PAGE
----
Red poppies are everywhere. For the past few weeks, in tube stations and the streets, you could buy a little red paper poppy to pin on your jacket, to show your respect for the nation’s fallen soldiers in the lead up to Remembrance Day. Today, led by the Queen, politicians laid wreaths at the Cenotaph to honour the soldiers who had died in conflict, while the country observed two minutes of silence.
It’s all very solemn and respectful, but dig a little deeper, and the stench of their hypocrisy rises to the surface.
Here’s David Cameron, proudly wearing his poppy and ‘connecting’ with the Royal Marines. “We must remember forever, not just for today,” he says.
The trouble is, does he remember? Does the nation remember? And what was the purpose of remembering? Was it not to remember the horrors and devastation of war? Was it not to celebrate the signing of the armistice? Was it not to learn from past mistakes, to ensure that present and future generations would never have to go through what our ancestors went through? If Britain’s leaders truly remember, why are they still so committed to militarism? Why have they spent £2 billion developing military drones over the past five years, with plans to spend a further £2 billion, while public services are being mercilessly cut? Why are British arms being sold to support Middle Eastern dictatorships? Why do soldiers continue to kill and be killed in needless wars in Afghanistan?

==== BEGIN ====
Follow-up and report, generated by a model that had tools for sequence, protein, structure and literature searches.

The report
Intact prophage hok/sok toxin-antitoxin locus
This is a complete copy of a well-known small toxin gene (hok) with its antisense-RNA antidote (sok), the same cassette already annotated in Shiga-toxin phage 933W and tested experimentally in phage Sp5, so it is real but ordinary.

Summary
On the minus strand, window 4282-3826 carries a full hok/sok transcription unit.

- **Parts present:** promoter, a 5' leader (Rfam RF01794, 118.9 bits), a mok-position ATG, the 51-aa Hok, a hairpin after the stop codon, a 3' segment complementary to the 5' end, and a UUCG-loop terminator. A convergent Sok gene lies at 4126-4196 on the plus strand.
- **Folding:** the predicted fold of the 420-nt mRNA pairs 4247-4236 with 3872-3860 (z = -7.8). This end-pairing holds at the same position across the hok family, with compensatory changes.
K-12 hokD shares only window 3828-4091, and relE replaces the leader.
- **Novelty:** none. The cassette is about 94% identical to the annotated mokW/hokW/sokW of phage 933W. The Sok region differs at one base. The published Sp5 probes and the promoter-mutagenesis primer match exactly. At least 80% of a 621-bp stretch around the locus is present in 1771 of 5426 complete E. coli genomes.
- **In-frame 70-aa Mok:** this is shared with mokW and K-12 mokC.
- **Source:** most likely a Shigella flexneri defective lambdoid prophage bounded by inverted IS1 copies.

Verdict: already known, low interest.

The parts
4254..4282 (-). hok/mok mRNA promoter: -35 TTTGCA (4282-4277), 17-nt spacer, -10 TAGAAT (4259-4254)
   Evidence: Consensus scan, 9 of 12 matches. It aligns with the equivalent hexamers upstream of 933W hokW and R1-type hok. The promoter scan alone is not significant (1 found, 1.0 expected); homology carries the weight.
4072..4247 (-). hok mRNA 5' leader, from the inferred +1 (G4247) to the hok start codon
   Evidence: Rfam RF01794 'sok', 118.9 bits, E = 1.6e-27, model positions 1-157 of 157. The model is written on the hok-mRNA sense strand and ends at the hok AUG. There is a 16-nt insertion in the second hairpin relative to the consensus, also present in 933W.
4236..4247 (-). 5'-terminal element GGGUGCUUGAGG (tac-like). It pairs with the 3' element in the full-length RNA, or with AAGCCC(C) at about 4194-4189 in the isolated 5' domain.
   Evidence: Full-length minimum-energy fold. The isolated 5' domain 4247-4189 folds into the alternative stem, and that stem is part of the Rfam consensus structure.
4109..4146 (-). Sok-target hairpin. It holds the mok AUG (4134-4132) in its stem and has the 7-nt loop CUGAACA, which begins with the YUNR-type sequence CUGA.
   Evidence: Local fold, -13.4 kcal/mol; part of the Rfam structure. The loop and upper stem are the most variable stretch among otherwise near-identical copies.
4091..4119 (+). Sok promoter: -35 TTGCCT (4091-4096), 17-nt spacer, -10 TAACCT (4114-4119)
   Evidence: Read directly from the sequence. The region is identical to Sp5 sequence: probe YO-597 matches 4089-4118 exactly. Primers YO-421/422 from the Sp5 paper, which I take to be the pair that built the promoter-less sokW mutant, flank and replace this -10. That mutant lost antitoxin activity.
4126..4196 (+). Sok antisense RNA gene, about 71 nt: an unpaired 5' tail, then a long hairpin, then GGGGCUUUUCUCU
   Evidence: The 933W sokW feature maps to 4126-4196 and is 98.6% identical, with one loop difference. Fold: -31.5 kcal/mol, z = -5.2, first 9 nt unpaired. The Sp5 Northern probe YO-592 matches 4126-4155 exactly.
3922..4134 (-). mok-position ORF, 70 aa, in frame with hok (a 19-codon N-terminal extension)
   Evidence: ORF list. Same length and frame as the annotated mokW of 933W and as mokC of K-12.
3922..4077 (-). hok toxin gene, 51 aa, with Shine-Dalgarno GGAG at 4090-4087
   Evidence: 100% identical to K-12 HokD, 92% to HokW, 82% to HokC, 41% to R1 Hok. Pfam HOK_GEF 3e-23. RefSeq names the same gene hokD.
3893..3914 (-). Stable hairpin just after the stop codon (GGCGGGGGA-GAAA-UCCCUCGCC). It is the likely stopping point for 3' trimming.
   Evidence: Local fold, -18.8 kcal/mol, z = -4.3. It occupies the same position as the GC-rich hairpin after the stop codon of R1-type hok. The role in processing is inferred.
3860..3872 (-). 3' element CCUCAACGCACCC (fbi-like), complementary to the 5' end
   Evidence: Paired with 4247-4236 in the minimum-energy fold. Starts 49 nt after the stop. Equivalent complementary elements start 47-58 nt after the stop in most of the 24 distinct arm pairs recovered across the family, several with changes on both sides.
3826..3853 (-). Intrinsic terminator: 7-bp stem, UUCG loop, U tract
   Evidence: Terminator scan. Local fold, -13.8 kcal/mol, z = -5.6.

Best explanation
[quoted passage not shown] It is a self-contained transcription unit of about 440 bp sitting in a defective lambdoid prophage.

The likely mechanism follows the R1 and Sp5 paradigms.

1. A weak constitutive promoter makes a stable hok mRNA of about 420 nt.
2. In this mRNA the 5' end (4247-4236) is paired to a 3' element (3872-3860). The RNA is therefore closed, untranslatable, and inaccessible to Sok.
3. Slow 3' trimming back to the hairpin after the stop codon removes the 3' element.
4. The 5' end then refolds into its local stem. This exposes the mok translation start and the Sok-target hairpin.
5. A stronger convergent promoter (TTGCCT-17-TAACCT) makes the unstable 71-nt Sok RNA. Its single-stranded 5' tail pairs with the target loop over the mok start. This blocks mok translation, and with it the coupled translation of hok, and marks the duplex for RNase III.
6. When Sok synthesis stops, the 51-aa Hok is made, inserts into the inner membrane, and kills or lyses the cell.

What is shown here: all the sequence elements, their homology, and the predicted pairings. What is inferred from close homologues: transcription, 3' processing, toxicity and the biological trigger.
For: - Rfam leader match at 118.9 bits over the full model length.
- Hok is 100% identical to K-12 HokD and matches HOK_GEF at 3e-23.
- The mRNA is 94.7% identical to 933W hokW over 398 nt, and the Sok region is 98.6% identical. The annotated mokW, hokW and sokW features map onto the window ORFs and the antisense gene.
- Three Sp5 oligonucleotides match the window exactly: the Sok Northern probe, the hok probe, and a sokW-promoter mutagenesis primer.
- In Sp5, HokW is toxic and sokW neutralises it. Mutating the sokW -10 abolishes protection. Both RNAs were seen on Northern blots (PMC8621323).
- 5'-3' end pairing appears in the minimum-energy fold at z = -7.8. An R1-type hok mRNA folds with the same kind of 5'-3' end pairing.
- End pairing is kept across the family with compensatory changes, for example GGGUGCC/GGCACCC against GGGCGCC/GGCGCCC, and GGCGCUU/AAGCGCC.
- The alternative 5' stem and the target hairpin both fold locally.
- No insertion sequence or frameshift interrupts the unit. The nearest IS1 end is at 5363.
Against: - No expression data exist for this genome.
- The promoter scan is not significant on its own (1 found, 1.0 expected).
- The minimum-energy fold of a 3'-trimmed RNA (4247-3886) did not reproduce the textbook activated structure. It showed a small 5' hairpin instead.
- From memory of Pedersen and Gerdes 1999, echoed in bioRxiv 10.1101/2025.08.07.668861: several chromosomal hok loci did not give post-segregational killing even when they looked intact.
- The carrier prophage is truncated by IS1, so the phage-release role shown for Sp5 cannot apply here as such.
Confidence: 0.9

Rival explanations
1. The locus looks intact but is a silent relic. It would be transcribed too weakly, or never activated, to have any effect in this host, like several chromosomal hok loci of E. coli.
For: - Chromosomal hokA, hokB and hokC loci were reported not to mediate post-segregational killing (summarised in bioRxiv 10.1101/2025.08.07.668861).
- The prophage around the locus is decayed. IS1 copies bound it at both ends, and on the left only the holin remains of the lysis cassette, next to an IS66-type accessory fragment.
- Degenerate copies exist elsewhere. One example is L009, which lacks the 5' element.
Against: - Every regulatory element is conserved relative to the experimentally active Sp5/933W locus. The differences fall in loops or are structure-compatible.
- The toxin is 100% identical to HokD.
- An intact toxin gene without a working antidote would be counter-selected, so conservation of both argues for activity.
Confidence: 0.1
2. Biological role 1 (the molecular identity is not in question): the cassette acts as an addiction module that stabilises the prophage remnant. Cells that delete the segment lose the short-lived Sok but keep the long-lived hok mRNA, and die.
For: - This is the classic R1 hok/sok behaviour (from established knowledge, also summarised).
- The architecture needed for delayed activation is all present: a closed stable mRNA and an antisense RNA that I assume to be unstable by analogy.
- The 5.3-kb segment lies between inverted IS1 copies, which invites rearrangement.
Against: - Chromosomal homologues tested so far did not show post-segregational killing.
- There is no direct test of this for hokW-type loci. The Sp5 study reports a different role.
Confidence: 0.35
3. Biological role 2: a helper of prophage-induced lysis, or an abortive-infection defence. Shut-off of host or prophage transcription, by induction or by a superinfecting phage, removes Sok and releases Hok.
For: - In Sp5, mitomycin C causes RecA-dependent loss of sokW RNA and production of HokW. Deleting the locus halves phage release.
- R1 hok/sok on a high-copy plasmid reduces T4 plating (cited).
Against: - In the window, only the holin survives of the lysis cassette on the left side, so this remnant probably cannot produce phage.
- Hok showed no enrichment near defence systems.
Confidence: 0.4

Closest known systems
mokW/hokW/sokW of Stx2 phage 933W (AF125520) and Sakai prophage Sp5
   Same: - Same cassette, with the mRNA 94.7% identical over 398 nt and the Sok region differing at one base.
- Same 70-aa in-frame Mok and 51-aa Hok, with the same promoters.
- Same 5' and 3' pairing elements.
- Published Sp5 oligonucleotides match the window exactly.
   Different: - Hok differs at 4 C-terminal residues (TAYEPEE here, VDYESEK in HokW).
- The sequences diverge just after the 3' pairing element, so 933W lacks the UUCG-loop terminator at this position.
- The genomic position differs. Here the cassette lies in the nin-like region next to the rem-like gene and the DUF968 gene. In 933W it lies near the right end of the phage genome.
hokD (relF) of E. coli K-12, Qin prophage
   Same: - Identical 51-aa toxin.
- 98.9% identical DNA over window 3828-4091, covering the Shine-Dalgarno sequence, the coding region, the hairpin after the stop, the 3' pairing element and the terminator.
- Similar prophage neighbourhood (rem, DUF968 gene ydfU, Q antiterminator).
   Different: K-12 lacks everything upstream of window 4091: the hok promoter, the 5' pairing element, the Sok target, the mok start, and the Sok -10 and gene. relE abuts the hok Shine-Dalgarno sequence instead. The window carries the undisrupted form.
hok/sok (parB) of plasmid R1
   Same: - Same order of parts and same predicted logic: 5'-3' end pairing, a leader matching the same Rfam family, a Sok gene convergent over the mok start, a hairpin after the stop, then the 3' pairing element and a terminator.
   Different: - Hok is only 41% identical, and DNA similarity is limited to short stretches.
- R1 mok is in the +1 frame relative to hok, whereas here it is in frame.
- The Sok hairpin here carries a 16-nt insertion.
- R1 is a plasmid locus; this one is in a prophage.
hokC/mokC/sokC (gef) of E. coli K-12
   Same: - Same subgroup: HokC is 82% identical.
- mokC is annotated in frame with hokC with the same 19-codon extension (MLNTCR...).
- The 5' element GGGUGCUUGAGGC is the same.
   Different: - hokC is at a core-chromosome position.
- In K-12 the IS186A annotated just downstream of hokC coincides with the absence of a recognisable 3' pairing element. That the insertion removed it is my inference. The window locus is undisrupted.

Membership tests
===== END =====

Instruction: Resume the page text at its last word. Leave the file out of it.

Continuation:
Or is it simply a sentimental, condescending pat on the head of the fallen and their relatives, a continuation of the glorification of war and violence as a way of resolving disputes? Through the rhetoric of honour and glory, they obscure the horrors and realities of war, and insist on creating new fallen heroes, even as they mourn the old ones.
Ben Griffin, an ex-SAS soldier, says,
“War is nothing like a John Wayne movie. There is nothing heroic about being blown up in a vehicle, there is nothing heroic about being shot in an ambush and there is nothing heroic about the deaths of countless civilians. Calling our soldiers heroes is an attempt to stifle criticism of the wars we are fighting in. It leads us to that most subtle piece of propaganda: You might not support the war but you must support our heroes, ergo you support the war. It is revealing that those who send our forces to war and those that spread war propaganda are the ones who choose to wear poppies weeks in advance of Armistice Day.”
It is worth bearing in mind that, as Laurie Penny points out, “not all of [the soldiers in the first and second world wars] bled willingly, for king and country; some of them simply bled because they had been seriously injured, because their leaders deemed it appropriate for them to die in pain and terror.” For government to talk reverently of “sacrifice” is to hijack the grief of veterans and their relatives to further their own jingoistic propaganda aims.
Despite a decrease in violence over the centuries, we are still in a society that is obsessed with the idea that ‘might is right’. Our national leaders pin poppies to their suits, bow their heads and mourn the fallen, while their hands drip with the blood of all the soldiers and civilians that they have slain, and will continue to slay.